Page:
Minn. Stat. 176.82 only applies in cases of discharge, threatened discharge, and intentional obstruction of benefits. Thus, there was a question on whether the employee’s “leave” constituted discharge. The Court held that the actual intent of the employer was key in determining whether discharge occurred, and where the employee is placed on “temporary” leave, but the intent is for the leave to not end, then said “leave” amounts to discharge. If the motivation was retaliatory, then it implies there was intent for the leave to be permanent. This was determined to be an issue of factual dispute, which was to be resolved by a factfinder.
In addition, the Court held there was an issue of genuine material fact regarding whether the employee was discharged for seeking workers’ compensation benefits, another element of Minn. Stat. 176.82. The Court noted that the employee asserted the employer knew about his immigration status for years prior to the workers’ compensation injury.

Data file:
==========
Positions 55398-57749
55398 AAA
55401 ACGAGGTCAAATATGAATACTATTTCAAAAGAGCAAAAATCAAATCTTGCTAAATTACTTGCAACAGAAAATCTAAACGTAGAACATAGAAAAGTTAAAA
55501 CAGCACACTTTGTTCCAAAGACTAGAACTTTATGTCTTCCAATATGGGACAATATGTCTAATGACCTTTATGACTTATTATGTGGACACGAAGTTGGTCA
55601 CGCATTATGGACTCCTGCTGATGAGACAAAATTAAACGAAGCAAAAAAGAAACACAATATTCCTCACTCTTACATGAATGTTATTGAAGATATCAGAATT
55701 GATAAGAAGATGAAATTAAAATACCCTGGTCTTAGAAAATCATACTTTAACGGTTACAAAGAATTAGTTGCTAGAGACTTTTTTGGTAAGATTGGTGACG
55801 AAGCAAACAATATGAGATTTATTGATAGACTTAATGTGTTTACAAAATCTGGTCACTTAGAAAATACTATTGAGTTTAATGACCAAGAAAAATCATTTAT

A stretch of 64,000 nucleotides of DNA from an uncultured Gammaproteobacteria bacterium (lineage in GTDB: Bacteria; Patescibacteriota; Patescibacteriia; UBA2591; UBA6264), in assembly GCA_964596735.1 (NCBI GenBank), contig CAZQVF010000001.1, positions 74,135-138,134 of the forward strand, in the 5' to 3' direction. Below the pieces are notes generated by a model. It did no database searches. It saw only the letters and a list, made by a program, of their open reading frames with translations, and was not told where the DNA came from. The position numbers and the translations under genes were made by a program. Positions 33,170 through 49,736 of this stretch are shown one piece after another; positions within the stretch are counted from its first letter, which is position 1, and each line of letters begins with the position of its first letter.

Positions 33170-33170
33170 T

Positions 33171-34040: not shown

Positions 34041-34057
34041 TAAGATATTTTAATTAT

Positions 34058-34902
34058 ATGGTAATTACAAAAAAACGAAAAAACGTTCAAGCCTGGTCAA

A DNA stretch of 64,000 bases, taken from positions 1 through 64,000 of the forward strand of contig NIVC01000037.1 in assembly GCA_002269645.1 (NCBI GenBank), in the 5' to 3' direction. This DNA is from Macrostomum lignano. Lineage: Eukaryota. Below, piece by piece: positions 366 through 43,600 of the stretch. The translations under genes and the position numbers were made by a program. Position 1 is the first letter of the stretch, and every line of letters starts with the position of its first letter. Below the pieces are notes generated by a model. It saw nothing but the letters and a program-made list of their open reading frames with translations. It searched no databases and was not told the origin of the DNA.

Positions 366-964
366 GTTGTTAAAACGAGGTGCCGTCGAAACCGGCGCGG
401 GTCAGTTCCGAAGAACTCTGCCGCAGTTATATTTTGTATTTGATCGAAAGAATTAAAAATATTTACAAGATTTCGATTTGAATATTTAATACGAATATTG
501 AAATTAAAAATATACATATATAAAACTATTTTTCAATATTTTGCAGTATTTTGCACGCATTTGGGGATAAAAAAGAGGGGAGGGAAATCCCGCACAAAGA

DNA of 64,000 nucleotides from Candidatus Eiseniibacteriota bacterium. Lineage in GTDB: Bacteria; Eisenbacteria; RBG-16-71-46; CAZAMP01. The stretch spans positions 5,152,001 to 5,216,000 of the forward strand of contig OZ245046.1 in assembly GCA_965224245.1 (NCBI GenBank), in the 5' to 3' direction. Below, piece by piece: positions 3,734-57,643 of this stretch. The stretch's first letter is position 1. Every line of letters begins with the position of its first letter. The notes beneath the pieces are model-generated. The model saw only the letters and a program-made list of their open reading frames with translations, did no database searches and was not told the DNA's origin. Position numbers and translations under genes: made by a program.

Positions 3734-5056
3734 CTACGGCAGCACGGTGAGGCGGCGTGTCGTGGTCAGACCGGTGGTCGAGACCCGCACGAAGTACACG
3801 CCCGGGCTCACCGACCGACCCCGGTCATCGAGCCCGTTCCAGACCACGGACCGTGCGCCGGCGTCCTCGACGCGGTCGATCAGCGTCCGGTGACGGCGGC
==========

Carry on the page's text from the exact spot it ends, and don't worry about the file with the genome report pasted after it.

Finally, the Court held the Immigration Reform and Control Act (IRCA) did not preempt an undocumented worker’s claim under 176.82. The Court indicated employer could have complied with IRCA and 176.82, if the employee had been discharged due to immigration status.
Impact: This is a procedural employment law opinion; however, the impact on workers’ compensation is that an employee can bring a 176.82 retaliatory discharge claim even if the employee is placed on “leave” when it is the employer’s intent is for the employee not to return to work. In addition, complying with IRCA will not be a defense to a 176.82 claim when the discharge is retaliatory for bringing a workers’ compensation claim. Simply put, where an employer knows that the employee is undocumented prior to the workers’ compensation claim, and discharges the employee after the workers’ compensation claim on the basis of the employee being undocumented, they expose themselves to a 176.82 claim.